After a few hours of waiting there was still no news from the twitter HQ… so we decided we might as well head into the city. Sadly, it was nearly closing time and as a “non mixed group” we were denied entry from the rest of the pubs. In the end we decided, admittedly disillusioned, that we might as well take the double decker bus to the hotel. Sadly, we missed the last normal route and we were forced to take the overly long night route…Two hours later numb and tired we entered our hotels and rolled directly into bed.
It was a heavy day but well worth it. Luckily the next day I had a day to recover on the London City tour double decker together with my growth hacker colleague, Chris… In the rain of course, but hey, that’s London ;-). The best Growth Hacker trick probably comes from the city of London itself. Every tourist ends up buying an Oyster Card for their public transport. Following this they load credit on. Of course you always end up with left over credit, normally you exchange this for cash after your last ride on the subway. You can do this at all subway stations except, surprise surprise, the end station of London City Airport. Smart guys these Londoners. In this way they wheedle that extra amount of credit off of the tourist’s Oyster card. From a Growth Hacking perspective, is this good in the long term? I’m curious what the “churn” is from this rule…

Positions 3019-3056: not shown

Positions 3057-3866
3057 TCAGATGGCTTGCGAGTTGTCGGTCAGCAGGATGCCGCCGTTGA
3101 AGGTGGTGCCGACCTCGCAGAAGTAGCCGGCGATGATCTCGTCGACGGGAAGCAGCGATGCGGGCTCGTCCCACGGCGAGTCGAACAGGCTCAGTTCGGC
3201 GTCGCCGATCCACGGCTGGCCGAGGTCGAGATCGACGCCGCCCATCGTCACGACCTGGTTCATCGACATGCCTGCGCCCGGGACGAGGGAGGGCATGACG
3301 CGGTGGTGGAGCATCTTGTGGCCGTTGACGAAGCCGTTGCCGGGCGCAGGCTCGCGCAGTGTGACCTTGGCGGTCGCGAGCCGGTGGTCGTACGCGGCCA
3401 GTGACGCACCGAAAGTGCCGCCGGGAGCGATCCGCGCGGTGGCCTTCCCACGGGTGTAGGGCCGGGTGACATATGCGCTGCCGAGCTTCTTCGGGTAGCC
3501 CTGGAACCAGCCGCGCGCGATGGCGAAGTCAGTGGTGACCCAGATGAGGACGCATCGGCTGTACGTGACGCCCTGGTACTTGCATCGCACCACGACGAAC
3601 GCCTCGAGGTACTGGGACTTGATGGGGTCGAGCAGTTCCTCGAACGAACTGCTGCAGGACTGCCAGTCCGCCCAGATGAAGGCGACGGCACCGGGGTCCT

At night at the airport I say goodbye to Chris. He is flying to Amsterdam. Exactly at the moment I stood up to board I see all the flights cancelled. There is a slight panic in the queue for the information desk. Shell women in suits need to stay overnight without a toothbrush. Fathers in suits slowly sneak into the line, every man for himself. Luckily, I could change my flight to one to Amsterdam and I am reunited with Chris. From Schiphol I took a nighttime taxi to Rotterdam Airport to pick up my car. Foot on the gas I drove from Rotterdam Airport home through a dark and empty Rotterdam. I then went straight into my bed, to dream about the future as a Growth Hacker.
It was two fantastic days, all’s well that ends well 😉
We will definitely be there again in 2015… see you there?